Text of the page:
I know I’ve been banging on a lot about breakfast lately, but it really is the most important meal of the day. Besides, I’m a big fan of eating breakfast out in London. You get your big fancy meal at the beginning of the day, when you’ll burn it off best; it’s cheaper than dinner; and it leaves the now-chilly evenings free for cosy indoor activities, like playing Trivial Pursuit and watching Netflix out of a blanket fort.
The best thing about going out for breakfast, though, is that it gets you out of bed. I find mornings are a lot like the gym: the idea of them is hideous and fills me with a nameless dread, but actually, once you’re in to it, it’s rather wonderful. Rising early and getting shit done always gives me a massive productivity hard-on, which pumps up the rest of my day.
But you know what’s even better than going out for breakfast? Going out for breakfast hanging off a crane.
By 8:50am on Sunday morning, I was pegging it to the Southbank to meet my workmate Jay. As usual, I was running late, and we had a flight to catch; we were due to have breakfast suspended 80 feet above the ground on a 22-cover flying kitchen, and I’d been excited about it for weeks.
The flying kitchen is operated by a company called Events in the Sky, who do a run of public events every year. They aren’t cheap – our breakfast cost us £50 each – but it’s an experience unlike any other. First, you are strapped into a cushioned spinny chair, with a little platform for your feet. (NB: don’t be a twat and wear slip-on shoes, like me. You’ll regret it.)
Once everyone is secured, the whole table – everything and quite literally the kitchen sink – is winched into the air, where a fabulous meal is served to you as you dangle over London.
It doesn’t actually feel that high…
…Until you look down.
(Fortunately any fear of heights I once had was well and truly vanquished when I took that flying trapeze class.)
The chefs change every few days, and include Dan Doherty of Duck & Waffle, Calum Franklin of Holborn Dining Room and Tom Aikens of Tom’s Kitchen. We were lucky to have Martin Morales as our breakfast chef, owner of Peruvian restaurants Ceviche and Andina, and I was anticipating some unique ingredients and fresh South American flavours.
We started with a hazelnut smoothie, which smelt disgusting but tasted good; thick and smooth, and full of things that I’d never heard of but apparently are very good for you (lucuma and kiwacha, anyone?) Accompanying it was a bowl of granola, which I normally consider a pussy breakfast only eaten by puritans and masochists. Turns out I’ve been horribly misinformed, this stuff was a full-bodied combination of quinoa, pumpkin seeds, oats, coconut and cinnamon, rolled in goldenberry honey, slathered in good Greek yoghurt, and topped with strawberry and passionfruit.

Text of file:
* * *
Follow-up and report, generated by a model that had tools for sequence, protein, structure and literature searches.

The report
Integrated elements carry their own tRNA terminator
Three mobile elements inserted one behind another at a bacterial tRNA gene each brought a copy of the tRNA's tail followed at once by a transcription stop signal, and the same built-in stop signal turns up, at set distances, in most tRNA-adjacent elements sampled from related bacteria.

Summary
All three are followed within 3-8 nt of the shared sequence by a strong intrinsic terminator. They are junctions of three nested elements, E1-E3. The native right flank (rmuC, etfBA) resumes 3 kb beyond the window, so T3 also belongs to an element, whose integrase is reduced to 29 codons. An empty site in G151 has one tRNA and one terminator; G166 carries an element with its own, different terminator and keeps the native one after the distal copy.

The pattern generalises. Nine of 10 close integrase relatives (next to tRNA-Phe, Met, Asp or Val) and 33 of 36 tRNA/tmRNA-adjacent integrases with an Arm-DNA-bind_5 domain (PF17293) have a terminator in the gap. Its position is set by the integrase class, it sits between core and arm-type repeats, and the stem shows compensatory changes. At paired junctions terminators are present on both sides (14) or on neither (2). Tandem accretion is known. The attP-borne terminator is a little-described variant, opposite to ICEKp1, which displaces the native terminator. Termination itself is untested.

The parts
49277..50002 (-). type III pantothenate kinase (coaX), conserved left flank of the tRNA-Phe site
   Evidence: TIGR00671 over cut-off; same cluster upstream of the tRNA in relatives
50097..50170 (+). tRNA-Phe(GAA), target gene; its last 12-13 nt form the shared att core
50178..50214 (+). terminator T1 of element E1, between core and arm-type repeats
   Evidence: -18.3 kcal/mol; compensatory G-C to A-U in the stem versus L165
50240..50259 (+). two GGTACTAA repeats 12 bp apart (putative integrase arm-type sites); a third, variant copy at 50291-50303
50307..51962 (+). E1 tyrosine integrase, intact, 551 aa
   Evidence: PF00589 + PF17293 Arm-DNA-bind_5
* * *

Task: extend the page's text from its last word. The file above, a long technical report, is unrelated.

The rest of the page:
Next came the Peruvian fruit salad, which included more things I’d never eaten before – prickly pear, starfruit, more lucuma, this time in the form of some delicious orange goo – and sugar-dusted plantain chips.
The next course was a steamed bun slider filled with crispy belly bacon and pineapple chili salsa, which is one of those bizarre combinations that sounds awful but in practice results in that wonderful alchemy of an unexpected deliciousness. The kick of the chili completely displaces the sweetness that I usually find so overpowering in pineapple, and made the belly pork sing in its soft, steamed shell. We threw ours down with unprecedented gusto (admittedly in part because we were strapped into those chairs a few inches too far from the table for something so messy).
Finally – yeah, I know, four courses for breakfast! How extravagant! – we had a Burford Brown poached egg on fresh cornbread and avocado (or smoked salmon, if one preferred), with a generous smear of a Uchucuta herb sauce. This was very similar to what I had at Andina last week, and just as good. Better, in fact, because this time I was sitting in the middle of the sky, bathed in glorious sunshine.
It was all over only too soon, and as soon as we landed we went to the reception to check the availability for dinner flights, quite forgetting in our excitement that they were £200 each, i.e. highly unlikely this side of payday. Bummer.
That said, if you have at least a spare £50 rolling around this month, I’d highly recommend spending it on some pie in the sky. Or, you know, some poached eggs. Whatever. Alternatively, Tattinger in the Sky costs £75, and includes two glasses of champagne and canapes. It’s a totally unique experience, and you’ll get a new profile picture out of it. All in all, I reckon, not bad value.
Author: Emily Gibson
Emily is an urban adventurer, blogger and
glutton foodie on an epic quest to uncover the best things to eat, drink and do in London. She lives in Islington and loves ceviche, cycling and magic shows. Lifelong nemeses include beetroot, beards and wine served in tumblers.